building blocks (babble on babel)

Hubris is hard to own in its breaking down
to a simplicity of matter, as if cells were stones,
small ones, collectively tall enough to threaten heaven
and make gods nervous.

After falling I stack, borrowed piece by borrowed piece
a remembered me, self-made without blueprints.
I use the words my mother taught:
shoe, leather, cup, mouth.  It is not the sound

or the thing that’s misspoken;
it is the combination of need and tongue,
air and want that is not understood.

How else explain
why I am always translating myself
into common language?

About Susan L Daniels

I am a firm believer that politics are personal, that faith is expressed through action, and that life is something that must be loved and lived authentically--or why bother with any of it?
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16 Responses to building blocks (babble on babel)

  1. So, I just finished Donald Hall’s essay “Goatfoot, Milktongue and Twinbird” and first I found Twinbird in Mark Redford’s latest and now I find Milktongue in this…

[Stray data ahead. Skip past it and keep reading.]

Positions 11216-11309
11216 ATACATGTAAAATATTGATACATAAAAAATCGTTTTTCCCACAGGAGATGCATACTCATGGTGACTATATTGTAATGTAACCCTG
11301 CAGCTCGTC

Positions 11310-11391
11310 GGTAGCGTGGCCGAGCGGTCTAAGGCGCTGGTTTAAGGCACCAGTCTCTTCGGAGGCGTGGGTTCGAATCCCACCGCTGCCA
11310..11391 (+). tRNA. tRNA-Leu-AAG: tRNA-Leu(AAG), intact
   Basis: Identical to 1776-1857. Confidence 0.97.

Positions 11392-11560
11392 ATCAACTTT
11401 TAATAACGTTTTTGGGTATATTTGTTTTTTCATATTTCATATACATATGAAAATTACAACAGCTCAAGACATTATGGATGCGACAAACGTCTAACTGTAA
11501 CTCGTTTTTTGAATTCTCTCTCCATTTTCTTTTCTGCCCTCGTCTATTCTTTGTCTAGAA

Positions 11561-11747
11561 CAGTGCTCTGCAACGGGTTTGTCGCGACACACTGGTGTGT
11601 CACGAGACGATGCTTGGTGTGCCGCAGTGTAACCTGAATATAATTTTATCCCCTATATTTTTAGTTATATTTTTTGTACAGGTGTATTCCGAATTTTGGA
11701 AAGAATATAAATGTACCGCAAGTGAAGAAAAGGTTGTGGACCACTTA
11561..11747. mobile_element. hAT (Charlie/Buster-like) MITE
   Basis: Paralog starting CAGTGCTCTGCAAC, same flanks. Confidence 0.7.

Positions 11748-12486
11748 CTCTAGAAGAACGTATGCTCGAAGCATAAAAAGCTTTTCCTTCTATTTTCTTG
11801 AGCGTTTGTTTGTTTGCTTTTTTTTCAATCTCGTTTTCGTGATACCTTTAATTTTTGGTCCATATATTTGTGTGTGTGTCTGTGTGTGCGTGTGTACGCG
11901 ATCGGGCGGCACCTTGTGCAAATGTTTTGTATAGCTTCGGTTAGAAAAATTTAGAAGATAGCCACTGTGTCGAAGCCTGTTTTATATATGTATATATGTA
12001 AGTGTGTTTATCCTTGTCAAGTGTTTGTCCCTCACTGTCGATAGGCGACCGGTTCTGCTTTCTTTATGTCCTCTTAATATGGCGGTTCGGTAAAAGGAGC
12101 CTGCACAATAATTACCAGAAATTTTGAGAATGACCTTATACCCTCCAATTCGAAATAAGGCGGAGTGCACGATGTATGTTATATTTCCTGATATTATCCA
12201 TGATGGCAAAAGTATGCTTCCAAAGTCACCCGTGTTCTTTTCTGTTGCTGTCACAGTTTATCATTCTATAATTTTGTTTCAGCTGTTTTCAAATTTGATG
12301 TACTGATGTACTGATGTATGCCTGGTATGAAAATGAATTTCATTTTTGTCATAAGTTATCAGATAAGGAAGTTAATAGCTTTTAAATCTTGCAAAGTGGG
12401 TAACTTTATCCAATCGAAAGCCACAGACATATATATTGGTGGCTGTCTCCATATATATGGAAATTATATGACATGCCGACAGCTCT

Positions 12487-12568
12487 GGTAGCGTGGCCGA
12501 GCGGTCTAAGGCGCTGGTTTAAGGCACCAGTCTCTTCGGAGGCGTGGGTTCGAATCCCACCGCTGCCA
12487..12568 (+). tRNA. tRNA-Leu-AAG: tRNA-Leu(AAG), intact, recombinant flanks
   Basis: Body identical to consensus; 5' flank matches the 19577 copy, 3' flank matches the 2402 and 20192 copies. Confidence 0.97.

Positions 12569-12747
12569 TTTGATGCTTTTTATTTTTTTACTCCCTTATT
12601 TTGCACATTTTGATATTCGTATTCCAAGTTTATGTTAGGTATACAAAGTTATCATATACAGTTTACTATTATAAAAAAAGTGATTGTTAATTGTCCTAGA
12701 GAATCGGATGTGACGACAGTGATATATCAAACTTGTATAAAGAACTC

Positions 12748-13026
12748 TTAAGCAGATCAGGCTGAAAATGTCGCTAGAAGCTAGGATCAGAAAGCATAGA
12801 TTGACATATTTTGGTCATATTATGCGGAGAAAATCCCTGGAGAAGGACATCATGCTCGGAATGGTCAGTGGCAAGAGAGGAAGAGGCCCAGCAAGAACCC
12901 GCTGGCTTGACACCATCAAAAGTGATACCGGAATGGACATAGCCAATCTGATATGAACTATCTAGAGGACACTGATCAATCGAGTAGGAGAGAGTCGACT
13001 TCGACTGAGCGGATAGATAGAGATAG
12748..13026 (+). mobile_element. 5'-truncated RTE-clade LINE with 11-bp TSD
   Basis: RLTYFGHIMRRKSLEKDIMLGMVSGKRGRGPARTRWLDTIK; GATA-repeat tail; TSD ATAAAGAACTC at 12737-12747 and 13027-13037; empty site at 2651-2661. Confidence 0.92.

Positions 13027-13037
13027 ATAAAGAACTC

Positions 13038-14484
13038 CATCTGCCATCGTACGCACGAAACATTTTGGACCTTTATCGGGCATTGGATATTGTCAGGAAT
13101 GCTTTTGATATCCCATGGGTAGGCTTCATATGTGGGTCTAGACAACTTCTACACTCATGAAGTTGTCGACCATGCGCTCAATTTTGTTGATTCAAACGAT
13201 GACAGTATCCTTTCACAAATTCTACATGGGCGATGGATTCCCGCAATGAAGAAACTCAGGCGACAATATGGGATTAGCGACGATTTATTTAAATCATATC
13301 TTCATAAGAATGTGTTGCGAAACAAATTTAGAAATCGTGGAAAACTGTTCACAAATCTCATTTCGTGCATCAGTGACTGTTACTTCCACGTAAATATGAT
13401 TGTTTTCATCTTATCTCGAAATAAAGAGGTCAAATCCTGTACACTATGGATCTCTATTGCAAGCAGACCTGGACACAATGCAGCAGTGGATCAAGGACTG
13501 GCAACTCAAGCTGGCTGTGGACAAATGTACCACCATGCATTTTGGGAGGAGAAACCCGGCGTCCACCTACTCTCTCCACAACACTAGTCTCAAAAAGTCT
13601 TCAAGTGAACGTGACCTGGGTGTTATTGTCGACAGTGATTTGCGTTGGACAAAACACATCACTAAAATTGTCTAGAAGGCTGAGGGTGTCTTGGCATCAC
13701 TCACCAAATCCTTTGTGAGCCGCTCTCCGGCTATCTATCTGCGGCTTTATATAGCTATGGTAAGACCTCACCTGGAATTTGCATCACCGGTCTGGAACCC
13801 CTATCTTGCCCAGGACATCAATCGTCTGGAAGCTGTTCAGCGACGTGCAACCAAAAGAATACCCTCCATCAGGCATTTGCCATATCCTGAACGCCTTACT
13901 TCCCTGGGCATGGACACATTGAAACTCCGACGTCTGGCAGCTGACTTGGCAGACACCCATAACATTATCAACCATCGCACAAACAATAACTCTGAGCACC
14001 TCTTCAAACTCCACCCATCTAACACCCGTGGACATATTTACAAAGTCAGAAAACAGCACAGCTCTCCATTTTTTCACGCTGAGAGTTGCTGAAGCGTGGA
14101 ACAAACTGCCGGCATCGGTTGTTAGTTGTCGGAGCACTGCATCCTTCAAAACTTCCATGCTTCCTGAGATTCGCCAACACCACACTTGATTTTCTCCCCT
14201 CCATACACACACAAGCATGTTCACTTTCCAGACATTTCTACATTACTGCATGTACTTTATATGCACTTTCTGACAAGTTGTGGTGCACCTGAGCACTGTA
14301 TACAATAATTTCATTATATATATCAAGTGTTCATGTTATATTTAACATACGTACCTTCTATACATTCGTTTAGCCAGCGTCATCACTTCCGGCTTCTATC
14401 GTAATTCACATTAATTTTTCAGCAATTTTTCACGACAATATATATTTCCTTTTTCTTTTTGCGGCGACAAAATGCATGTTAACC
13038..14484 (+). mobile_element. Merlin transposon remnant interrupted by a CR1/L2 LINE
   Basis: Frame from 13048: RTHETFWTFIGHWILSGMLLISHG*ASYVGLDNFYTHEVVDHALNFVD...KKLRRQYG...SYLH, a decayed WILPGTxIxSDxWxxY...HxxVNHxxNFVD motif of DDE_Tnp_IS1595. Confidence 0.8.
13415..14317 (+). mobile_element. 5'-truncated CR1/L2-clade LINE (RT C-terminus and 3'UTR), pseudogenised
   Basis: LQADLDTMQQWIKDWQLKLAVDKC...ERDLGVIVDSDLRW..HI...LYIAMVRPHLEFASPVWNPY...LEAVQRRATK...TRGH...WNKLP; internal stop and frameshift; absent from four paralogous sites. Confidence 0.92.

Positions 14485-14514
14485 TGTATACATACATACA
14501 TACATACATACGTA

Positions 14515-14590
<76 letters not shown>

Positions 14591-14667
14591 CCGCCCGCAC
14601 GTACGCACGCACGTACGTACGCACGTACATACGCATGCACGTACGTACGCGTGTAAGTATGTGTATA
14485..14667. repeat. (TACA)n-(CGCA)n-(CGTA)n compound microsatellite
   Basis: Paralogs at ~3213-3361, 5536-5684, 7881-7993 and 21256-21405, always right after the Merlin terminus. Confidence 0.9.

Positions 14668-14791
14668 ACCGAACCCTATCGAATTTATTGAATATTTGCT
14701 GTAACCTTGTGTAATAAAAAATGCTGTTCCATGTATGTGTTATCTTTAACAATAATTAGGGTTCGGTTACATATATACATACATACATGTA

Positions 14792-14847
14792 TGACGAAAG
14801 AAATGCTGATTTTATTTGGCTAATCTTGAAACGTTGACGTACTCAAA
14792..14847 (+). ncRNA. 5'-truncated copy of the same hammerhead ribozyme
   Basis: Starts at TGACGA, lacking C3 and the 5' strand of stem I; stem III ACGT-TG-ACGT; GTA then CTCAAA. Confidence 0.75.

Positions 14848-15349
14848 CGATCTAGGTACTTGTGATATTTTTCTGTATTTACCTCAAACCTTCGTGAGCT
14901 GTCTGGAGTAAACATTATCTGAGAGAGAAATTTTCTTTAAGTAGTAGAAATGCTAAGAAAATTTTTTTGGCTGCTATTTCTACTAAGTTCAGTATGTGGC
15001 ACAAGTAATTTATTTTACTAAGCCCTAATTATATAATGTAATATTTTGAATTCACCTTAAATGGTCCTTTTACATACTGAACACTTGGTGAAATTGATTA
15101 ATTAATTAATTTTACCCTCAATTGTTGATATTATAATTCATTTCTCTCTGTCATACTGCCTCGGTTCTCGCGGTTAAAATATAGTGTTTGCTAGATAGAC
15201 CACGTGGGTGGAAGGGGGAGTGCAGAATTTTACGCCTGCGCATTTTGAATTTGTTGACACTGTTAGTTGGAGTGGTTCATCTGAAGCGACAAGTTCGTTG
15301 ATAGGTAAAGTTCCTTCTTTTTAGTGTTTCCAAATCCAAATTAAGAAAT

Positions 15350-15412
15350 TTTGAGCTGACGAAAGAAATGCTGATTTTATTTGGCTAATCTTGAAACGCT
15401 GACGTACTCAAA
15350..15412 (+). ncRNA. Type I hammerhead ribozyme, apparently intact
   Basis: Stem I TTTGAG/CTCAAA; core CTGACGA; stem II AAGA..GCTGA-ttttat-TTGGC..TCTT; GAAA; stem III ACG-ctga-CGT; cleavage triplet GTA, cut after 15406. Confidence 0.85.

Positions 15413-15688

“it is the combination of need and tongue,
    air and want that is not understood.”
    D. Hall:
    “His small toungue curls around the sounds, the way his tongue warms with the tiny thread of milk that he pulls from his mother. This is Milktongue, and in poetry it is the deep and primitive pleasure of vowels in the mouth, of assonance and of holds on long adjacent vowels; of consonance, mmmm, and alliteration.”

    Couldn’t help but share. Can’t get Hall’s book anymore, I don’t think, but I found this essay in “A Field Guide to Contemporary Poetry and Poetics”–Great Book!

  2. … ‘er … ‘common language’? I think not 😀

  3. yeoldefoole says:

    you inspire me…

  4. This is so relevant and to me, a perfect poem for most poets! Applause !

  5. nelle says:

    Nice… and I can’t help but wonder why I’m always trying to translate myself to me.

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